Out[9]: <module 'antigravity' from '/usr/lib/python2.7/antigravity.pyc'>

In [10]: antigravity??
Type:       module
String Form:<module 'antigravity' from '/usr/lib/python2.7/antigravity.pyc'>
File:       /usr/lib/python2.7/antigravity.py
Source:
import webbrowser
webbrowser.open("http://xkcd.com/353/")


 Awesome.
 
2014-03-20 01:58:10 PM  
I wonder what Black Mamba thinks about all this.
3.bp.blogspot.com
 
2014-03-20 02:35:12 PM  

meyerkev: manbart: [imgs.xkcd.com image 518x588]


So I actually did that:

In [8]: import antigravity
In [9]: Created new window in existing browser session.
[Browser window opens up]

In [9]: antigravity
Out[9]: <module 'antigravity' from '/usr/lib/python2.7/antigravity.pyc'>

In [10]: antigravity??
Type:       module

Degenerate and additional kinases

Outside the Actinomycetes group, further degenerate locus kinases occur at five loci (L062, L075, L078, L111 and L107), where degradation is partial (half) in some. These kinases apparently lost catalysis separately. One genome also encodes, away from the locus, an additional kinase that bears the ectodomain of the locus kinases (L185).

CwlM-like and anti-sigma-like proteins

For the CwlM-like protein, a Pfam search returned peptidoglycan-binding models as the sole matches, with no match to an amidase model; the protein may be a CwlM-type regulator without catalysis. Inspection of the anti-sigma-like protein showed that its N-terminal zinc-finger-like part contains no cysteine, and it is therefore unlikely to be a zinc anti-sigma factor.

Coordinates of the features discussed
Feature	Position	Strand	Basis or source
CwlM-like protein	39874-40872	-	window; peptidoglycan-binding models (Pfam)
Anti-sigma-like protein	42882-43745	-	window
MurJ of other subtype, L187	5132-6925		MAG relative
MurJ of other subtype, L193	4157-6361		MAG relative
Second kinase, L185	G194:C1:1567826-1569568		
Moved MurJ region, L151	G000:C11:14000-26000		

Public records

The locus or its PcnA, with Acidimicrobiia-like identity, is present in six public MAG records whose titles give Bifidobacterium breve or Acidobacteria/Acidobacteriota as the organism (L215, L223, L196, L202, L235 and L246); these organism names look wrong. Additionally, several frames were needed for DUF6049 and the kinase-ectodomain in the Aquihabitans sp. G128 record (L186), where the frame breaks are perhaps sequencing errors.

String Form:<module 'antigravity' from '/usr/lib/python2.7/antigravity.pyc'>
File:       /usr/lib/python2.7/antigravity.py
Source:
import webbrowser
webbrowser.open("http://xkcd.com/353/")

 Awesome.


;)

/Bonus points for using IPython
//Are you on 3.4.0 yet?
 
2014-03-20 02:39:49 PM  

manbart: //Are you on 3.4.0 yet?


2.7.6.

Some of our dependencies require 2.x.x
 
2014-03-20 02:51:10 PM  
img.fark.net
 
2014-03-20 03:37:09 PM  
I use Python every day.  My clients rely on it for "important stuff".  It's as mainstream as any language at this point, just more readable than most.
 
2014-03-20 03:39:41 PM  

Iszael: I use Python every day.  My clients rely on it for "important stuff".  It's as mainstream as any language at this point, just more readable than most.